The Oral Microbiome in Pets
Most studies that examine the roles that the oral microbiome plays in health were done in humans and animal models such as mice. But their results should still be relevant to pets, although some of the species may be different, which is why it’s important to do more studies.
A few studies have been done in dogs and cats, primarily to characterize the species that live in their mouths. Dog oral microbiomes, for instance, appear to be dominated by bacteria from phyla including Bacteriodetes, Proteobacteria, Firmicutes, Spirochaetes, and Fusobacteria6,7. Another study found that Actinobacteria also reside in a dog’s mouth8. Similar groups are present in cat mouths9,10. These studies also revealed that dog and cat oral microbiomes are highly diverse and host a wide range of species—which is likely a sign of a healthy microbiome.
But how many of these species from your pet are found in your mouth? Not many, one study suggests11. When researchers compared dog oral microbiomes with that of their owners, they only found about 5% of bacteria in both samples. This might be a good thing, as some residents of canine microbiomes can cause disease in humans. One example is Pasteurella dagmatis, which can cause infection after dog bites.
And just as in humans, diet can change what bacteria are found in your pet’s mouth. A 2016 study in cats found that those on a dry diet had higher oral microbiome diversity than those on wet-food diets12. The impact of these diets on gum health was unclear, however, and more research is needed. Understanding which species comprise the oral microbiome of your pet can help scientists make connections to health as they conduct more research in the future.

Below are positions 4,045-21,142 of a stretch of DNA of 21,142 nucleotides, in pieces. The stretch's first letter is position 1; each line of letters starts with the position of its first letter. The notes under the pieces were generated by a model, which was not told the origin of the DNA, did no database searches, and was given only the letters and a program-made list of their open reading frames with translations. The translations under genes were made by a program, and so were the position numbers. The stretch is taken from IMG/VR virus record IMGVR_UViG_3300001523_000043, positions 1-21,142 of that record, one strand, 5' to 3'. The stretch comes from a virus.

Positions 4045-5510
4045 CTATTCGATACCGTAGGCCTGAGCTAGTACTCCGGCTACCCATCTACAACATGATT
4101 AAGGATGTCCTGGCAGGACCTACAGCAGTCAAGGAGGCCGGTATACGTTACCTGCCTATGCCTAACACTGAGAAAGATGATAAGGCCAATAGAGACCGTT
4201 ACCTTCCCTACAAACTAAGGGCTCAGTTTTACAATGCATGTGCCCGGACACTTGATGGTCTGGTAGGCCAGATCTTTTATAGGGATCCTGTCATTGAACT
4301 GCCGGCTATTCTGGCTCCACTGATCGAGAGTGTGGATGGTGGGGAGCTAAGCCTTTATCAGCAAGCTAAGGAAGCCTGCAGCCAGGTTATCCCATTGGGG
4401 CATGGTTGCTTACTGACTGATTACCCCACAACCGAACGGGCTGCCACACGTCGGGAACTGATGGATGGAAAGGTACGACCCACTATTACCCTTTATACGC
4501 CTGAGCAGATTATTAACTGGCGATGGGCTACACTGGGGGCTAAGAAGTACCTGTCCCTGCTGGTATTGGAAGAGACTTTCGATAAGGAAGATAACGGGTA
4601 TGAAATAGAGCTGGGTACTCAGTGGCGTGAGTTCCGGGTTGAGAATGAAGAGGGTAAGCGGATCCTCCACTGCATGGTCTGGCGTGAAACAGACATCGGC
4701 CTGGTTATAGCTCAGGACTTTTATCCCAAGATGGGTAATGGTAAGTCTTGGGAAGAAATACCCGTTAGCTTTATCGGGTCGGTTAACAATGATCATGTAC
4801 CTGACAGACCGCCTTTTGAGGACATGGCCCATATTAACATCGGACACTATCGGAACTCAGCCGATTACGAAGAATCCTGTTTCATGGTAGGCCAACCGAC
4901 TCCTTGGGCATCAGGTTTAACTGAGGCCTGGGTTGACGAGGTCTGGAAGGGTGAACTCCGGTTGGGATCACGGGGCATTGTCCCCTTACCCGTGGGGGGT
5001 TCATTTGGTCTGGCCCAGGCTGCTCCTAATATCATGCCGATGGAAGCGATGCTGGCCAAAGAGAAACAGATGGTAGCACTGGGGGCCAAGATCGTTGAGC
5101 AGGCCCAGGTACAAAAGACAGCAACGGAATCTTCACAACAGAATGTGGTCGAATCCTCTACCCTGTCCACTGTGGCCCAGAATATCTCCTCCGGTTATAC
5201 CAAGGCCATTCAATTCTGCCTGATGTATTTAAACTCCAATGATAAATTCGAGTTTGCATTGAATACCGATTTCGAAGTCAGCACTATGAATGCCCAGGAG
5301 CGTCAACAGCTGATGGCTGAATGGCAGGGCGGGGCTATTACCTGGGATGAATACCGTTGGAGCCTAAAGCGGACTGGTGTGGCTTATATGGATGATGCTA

As with people, animal microbiomes are all over your pet, and scientists are still learning about them. The oral microbiome is only a small part of the overall picture, but it has clear roles in keeping our pets (and us) healthy. As researchers learn more, they will discover new ways to fight or prevent disease.
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3. Clemente, J. C., Ursell, L. K., Parfrey, L. W. & Knight, R. The impact of the gut microbiota on human health: an integrative view. Cell 148, 1258–1270 (2012).
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5. Kort, R. et al. Shaping the oral microbiota through intimate kissing. Microbiome 2, 41 (2014).
6. Dewhirst, F. E. et al. The canine oral microbiome. PLoS One 7, e36067 (2012).
7. Sturgeon, A., Stull, J. W., Costa, M. C. & Weese, J. S. Metagenomic analysis of the canine oral cavity as revealed by high-throughput pyrosequencing of the 16S rRNA gene. Vet. Microbiol. 162, 891–898 (2013).
8. McDonald, J. E. et al. Characterising the Canine Oral Microbiome by Direct Sequencing of Reverse-Transcribed rRNA Molecules. PLoS One 11, e0157046 (2016).
9. Sturgeon, A., Pinder, S. L., Costa, M. C. & Weese, J. S. Characterization of the oral microbiota of healthy cats using next-generation sequencing. Vet. J. 201, 223–229 (2014).
10. Dewhirst, F. E. et al. The feline oral microbiome: a provisional 16S rRNA gene based taxonomy with full-length reference sequences. Vet. Microbiol. 175, 294–303 (2015).
11. Oh, C. et al. Comparison of the Oral Microbiomes of Canines and Their Owners Using Next-Generation Sequencing. PLoS One 10, e0131468 (2015).
12. Adler, C. J., Malik, R., Browne, G. V. & Norris, J. M. Diet may influence the oral microbiome composition in cats. Microbiome 4, 23 (2016).